In November 2017, New York Attorney General Eric T. Schneiderman introduced the Stop Hacks and Improve Electronic Data Security Act (“SHIELD Act”) to the New York State legislature. The bill, sponsored by Senator David Carlucci and Assemblymember Brian Kavanagh, seeks to amend current laws to broaden the definition of protected information and what are reportable data security incidents. As of November 27, 2017, the bill is under review by the Senate Rules Committee.

Under current cybersecurity breach notification laws in New York, the Attorney General’s office reports that it received nearly 1,300 reported data breaches in 2016, a 60 percent increase from the number of breaches reported in the previous year. According to an analysis performed by the Attorney General’s office, much of the information exposed by the reported data breaches consists of New York residents’ Social Security numbers and financial account information.

The SHIELD Act would broaden the types of data that trigger reporting obligations in the event of a breach or unauthorized disclosure, including username and password combinations, biometric data and HIPAA-covered data. The reporting obligations under the SHIELD Act would be triggered by unauthorized “access to” or viewing of private information, rather than the current standard, which triggers New York State law reporting obligations only if there has been actual “acquisition” of certain protected information.

Regardless of whether a particular company conducts business in New York State, the SHIELD Act would require any business that holds sensitive data belonging to a New York resident to adopt “reasonable” measures to safeguard the data. Using a “reasonable” standard means that the SHIELD Act allows the data security standards to be tailored to the size and scope of a business’s operations. For example, there is a particularly flexible standard for small businesses which requires data security standards in proportion to the size and complexity of the business. For other businesses, the SHIELD Act provides specific examples of technical, administrative and physical safeguards that would meet the “reasonable” standard under the SHIELD Act.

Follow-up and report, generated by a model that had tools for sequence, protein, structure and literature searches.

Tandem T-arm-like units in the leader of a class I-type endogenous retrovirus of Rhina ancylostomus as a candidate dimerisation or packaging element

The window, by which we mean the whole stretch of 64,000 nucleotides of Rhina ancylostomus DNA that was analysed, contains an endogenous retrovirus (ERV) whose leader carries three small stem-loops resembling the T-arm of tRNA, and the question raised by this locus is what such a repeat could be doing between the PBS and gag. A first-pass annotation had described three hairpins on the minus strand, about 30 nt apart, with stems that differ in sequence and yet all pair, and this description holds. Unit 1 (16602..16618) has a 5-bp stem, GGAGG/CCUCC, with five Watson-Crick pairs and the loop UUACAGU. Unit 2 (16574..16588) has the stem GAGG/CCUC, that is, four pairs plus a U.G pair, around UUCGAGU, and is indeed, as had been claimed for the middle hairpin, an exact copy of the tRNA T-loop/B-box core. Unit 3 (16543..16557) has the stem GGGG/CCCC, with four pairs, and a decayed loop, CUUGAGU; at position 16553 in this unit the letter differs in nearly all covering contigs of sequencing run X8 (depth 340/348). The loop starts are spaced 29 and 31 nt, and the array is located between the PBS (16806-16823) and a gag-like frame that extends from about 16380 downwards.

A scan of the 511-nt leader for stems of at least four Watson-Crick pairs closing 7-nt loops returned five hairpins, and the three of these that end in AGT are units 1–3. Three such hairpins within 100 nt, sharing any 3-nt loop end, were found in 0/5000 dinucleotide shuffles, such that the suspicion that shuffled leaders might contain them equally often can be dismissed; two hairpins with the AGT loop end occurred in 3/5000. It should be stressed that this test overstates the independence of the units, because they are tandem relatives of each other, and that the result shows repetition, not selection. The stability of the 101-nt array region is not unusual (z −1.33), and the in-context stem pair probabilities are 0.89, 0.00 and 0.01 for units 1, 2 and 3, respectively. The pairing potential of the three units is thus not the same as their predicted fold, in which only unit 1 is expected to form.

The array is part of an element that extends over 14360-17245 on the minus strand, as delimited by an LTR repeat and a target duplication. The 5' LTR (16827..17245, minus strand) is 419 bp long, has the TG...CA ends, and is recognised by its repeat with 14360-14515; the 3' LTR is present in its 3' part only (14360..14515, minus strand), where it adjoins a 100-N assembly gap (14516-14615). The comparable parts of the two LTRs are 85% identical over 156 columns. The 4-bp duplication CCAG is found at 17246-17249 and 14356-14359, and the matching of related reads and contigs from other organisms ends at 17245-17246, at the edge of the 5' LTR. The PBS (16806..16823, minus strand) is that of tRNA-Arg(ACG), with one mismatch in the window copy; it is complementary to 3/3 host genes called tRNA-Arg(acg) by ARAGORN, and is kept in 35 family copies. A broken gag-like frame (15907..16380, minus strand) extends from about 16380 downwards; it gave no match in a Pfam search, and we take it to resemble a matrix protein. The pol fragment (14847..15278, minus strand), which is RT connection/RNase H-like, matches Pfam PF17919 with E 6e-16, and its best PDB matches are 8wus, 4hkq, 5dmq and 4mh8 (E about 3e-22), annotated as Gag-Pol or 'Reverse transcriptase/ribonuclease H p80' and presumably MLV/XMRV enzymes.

Furthermore, there is a safe harbor provision that exempts certain “compliant regulated entities” from enforcement actions by the Attorney General by deeming those entities compliant with the reasonable security standards under the SHIELD Act. “Compliant regulated entities” means those entities that are already regulated by, and compliant with, existing or future regulations by a federal or New York State government entity, such as HIPAA regulations or the New York State Department of Financial Services Cybersecurity Regulation.

The SHIELD Act would deem inadequate data security measures to be a violation of the General Business Law § 349 and would permit the Attorney General to seek civil remedies under General Business Law § 350(d). This would expand the current application of state data security laws.

The SHIELD Act is yet another reminder that businesses should review the data they are holding, how it may need to be protected, and what programs and practices they should have in place to be in the best position to comply with the ever-changing legal landscape of data security and privacy laws.